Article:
Thursday, December 4, 2008

Discrimination.


Categorization is a means of discrimination. Whether it's sect versus sect in religion, lovers of rock versus lovers of classical in music or soccer moms versus ping-pong dads, when you shove people or things in pods, when you classify them you do so, most often, to say my group is superior.

That, naturally, brings us to advertising.

We have myriad categories that create divisiveness and, perhaps worse, bad work. We have traditional people, direct people, interactive people, yellow-page people, promotions people, and so it goes. Likewise we have work that fits those sorts as well.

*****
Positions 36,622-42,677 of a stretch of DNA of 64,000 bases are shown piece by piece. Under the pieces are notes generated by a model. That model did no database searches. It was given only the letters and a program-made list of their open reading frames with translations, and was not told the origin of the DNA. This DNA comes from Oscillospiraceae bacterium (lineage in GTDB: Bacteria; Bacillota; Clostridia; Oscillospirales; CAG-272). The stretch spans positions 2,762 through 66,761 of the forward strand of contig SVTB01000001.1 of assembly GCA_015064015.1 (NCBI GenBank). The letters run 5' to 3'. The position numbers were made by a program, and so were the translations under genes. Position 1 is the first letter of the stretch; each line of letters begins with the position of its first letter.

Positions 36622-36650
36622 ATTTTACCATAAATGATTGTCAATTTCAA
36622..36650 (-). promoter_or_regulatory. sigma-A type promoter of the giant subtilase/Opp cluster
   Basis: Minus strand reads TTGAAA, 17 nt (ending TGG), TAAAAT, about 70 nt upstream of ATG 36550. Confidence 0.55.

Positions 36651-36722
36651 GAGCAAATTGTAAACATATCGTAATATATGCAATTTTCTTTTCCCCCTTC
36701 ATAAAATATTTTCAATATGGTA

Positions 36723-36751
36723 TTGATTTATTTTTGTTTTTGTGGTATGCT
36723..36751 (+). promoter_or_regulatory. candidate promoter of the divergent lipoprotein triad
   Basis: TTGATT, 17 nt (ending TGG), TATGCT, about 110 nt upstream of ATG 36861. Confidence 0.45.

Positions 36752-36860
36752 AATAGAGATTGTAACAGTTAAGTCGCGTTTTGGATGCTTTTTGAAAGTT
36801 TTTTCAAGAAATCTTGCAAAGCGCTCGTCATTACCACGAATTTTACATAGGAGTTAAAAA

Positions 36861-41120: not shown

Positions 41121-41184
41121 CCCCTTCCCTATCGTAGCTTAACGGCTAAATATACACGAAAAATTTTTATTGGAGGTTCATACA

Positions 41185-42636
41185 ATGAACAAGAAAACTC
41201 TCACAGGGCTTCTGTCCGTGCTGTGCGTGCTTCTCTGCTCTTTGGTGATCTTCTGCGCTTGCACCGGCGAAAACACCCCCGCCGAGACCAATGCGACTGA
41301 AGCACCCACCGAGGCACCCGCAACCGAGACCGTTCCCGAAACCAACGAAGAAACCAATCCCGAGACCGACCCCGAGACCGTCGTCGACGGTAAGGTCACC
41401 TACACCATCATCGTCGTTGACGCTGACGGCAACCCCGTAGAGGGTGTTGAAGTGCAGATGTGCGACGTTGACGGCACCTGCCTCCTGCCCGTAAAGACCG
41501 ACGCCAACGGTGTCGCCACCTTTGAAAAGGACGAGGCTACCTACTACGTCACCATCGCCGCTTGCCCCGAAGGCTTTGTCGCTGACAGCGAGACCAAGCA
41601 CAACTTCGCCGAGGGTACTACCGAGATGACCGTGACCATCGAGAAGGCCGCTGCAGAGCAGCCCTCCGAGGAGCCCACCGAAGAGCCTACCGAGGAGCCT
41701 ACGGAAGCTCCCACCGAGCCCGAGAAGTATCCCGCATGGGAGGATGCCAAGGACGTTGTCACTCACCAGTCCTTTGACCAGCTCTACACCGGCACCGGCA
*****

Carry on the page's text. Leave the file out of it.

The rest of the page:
Years ago I shot a nice commercial for a computer. When I was adding the titles to it, I added the machine's price. "You can't do that," I was told--by the client, no less--"this is a brand ad."

Huh? I thought the commercial had two objectives: make people think IBM computers are cool and to remind them to buy one. Those objectives did not seem contradictory to me.

OK. Enough for now. Just one more thing, there was an agency slogan I heard many years ago, I think from the agency Earl Palmer Brown. It was "Build sales over night, build brands over time." That makes sense to me.

2 comments:

Anonymous said...

I like the wonky grammar in that picture, where dogs without Chinese--or Chinese without dogs--can come right on in.

Unknown said...

all advertising is affecting the impression of a brand